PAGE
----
And, per our topic, Weaver was well known for his use of platoons, the most effective being his left field platoon of John Lowenstein (LHH) and Gary Roenicke (RHH).  Lowenstein was a long-haired, gangly, bespectacled fellow who simply did not look like an athlete, but rather resembled a middle school science teacher - granted, a science teacher who could crush RHP.  He was all but was useless against southpaws, however.  From 1981 through 1984, Lowestein played in 432 games, but made only 8 starts against LHP.  His counterpart, Gary Roenicke (older brother of Milwaukee manager Ronand father of Twins RHRP Josh) was a RHH powerhouse, but a horrendous fielder and could best be described as a lummox with a bad mullet.  He was less graceful than a car accident, a nightmare in the field, and among the slowest runners in MLB.  Roenicke once grounded into a triple play in Oakland where he was out at first by about 40 feet, causing A’s first baseman Dave Revering to remark  “We could have gotten 4 outs if there was another man on base.”  This complete lack of agility, dexterity and speed relegated Roenicke, despite his prolific power, to a reduced role of starting only vs. LHP.  From 1983 through 1985, Roenicke played on over 350 games, but only started 60 times against a RHP. (Hot hand?) He did come into numerous games if teams tried to expose Lowenstein with a left-handed reliever. 

    Given the chance to sign Rajai Davis, I think Weaver passes.  Weaver did not believe in platooning rookies for “confidence” so much as he believed in using platoons to cover weaknesses, such as Lowenstein’s inability to hit LHP and Roenicke’s inability to play the OF.  Weaver would start Bradley full time, knowing that even if he does not hit 3-run homers, he still helps with defense.  I believe Weaver would have pegged Bradley as the equivalent to the CF he inherited when he took over the helm of the Orioles – Paul Blair. 

    Those are my recollections and opinions about Earl Weaver.

     
  14. You have chosen to ignore posts from 808soxfan. Show 808soxfan's posts

    Re: JBJ may be an offensive liability

    In response to 37stories' comment:

    Bradley is the starting Cf next year.

    I would say that is rather obvious.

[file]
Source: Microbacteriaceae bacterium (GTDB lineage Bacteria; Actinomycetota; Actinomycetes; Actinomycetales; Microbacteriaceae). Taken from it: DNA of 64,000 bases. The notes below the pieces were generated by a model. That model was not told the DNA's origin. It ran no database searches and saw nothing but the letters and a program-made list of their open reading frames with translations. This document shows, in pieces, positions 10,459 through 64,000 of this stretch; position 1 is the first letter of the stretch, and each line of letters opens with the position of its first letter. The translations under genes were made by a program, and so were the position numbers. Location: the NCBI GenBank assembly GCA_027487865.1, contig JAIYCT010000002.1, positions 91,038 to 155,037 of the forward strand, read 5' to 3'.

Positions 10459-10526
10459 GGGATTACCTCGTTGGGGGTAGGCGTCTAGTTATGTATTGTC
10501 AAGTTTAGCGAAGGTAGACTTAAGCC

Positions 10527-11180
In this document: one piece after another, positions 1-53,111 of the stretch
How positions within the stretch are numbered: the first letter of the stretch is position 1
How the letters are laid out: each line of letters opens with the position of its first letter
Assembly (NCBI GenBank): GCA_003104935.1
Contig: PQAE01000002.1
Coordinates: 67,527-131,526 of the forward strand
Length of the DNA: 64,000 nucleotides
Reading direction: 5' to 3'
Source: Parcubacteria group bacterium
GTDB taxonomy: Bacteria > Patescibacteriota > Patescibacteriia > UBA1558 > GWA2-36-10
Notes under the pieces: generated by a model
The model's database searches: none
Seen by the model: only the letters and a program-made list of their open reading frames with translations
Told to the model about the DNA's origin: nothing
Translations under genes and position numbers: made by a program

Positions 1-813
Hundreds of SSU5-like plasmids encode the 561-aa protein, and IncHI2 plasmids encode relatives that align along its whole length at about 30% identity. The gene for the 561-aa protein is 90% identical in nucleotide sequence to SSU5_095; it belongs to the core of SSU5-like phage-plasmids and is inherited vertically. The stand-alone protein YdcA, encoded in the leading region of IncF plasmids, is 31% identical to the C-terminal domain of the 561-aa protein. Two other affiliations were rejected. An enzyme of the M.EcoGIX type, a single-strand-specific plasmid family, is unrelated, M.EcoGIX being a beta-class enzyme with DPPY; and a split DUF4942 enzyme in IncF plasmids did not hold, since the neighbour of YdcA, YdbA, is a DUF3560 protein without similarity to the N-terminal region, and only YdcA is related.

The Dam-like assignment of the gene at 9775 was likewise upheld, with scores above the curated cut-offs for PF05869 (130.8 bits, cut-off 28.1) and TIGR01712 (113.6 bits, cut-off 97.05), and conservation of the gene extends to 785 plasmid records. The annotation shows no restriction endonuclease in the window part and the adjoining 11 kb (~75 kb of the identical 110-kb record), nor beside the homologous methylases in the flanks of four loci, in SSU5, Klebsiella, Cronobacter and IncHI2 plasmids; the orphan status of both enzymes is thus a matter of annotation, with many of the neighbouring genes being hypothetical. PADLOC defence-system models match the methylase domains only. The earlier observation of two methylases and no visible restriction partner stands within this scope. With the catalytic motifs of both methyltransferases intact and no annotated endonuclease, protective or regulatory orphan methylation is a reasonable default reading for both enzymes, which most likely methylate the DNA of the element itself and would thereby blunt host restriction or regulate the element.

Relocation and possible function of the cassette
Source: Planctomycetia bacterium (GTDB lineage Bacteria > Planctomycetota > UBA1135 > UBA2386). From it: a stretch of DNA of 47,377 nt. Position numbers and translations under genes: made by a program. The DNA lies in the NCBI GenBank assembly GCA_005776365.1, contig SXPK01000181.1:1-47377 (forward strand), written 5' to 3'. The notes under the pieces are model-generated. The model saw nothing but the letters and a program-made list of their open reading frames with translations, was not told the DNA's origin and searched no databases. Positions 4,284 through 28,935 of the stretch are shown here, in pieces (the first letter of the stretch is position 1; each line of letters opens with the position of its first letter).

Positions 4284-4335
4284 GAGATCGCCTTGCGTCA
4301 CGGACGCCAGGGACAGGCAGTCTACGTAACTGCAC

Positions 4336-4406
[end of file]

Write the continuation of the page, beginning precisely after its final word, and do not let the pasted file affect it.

The Red Sox won a WS which buys them enough goodwill to go with Bogaerts and Bradley as full timers. They are both going to be very good players. They will let them play.



    +1

     
  15. You have chosen to ignore posts from royf19. Show royf19's posts

    Re: JBJ may be an offensive liability

    In response to notin's comment:

    In response to solareclipse's comment:

    Huge Earl Weaver fan, and we don't disagree. Weaver changed players in groups, not just one guy or the other, and time wasn't divided based on the Lefty or righty factor alone. He used to go with the hot hands. Weaver is a great study, but he'd be run out of baseball by today's facist media and politicians and community organizers. 

    Let's talk Weaver, I like that subject.




    I can talk Weaver.  Earl Weaver would not have wanted Rajai Davis.  Period.  Not for how you think he should be used.

     

    Weaver was ahead of his time in many ways.  His trademark “pitching, defense, and 3-run homers” emphasized all the important aspects of what we now know as WAR.  “3-run homers” was his sneaky way of letting us know he loved hitters who get on base a lot.  However, he did not like patient hitters and wanted his batters to hit away.  He also had a very odd predilection for LHH catchers.  No one knows why.   

    Weaver, like Bill James, eschewed such strategies as bunting, hit-and-run, and stolen bases.  Weaver instead preferred to combine the SB with the hit-and-run in a play he called “run and hit,” the main difference being the runner was attempting to steal, and the hitter would ignore this and hit anything he felt he could.  Again, he liked aggressive hitters.  (Former Sox 1B Coach Al Bumbry did steal 81 bases for a Weaver-lead team in 1979-1980, but this is not as impressive as it looks at first glance.  The late 1970’s and early ‘80s were the heyday of the stolen base in MLB.  That total placed him tenth in MLB over that stretch, and very far from leader Ron LeFlore, who had 175.  LeFlore, Omar Moreno, and Willie Wilson all had double or more of Bumbry’s modest total.)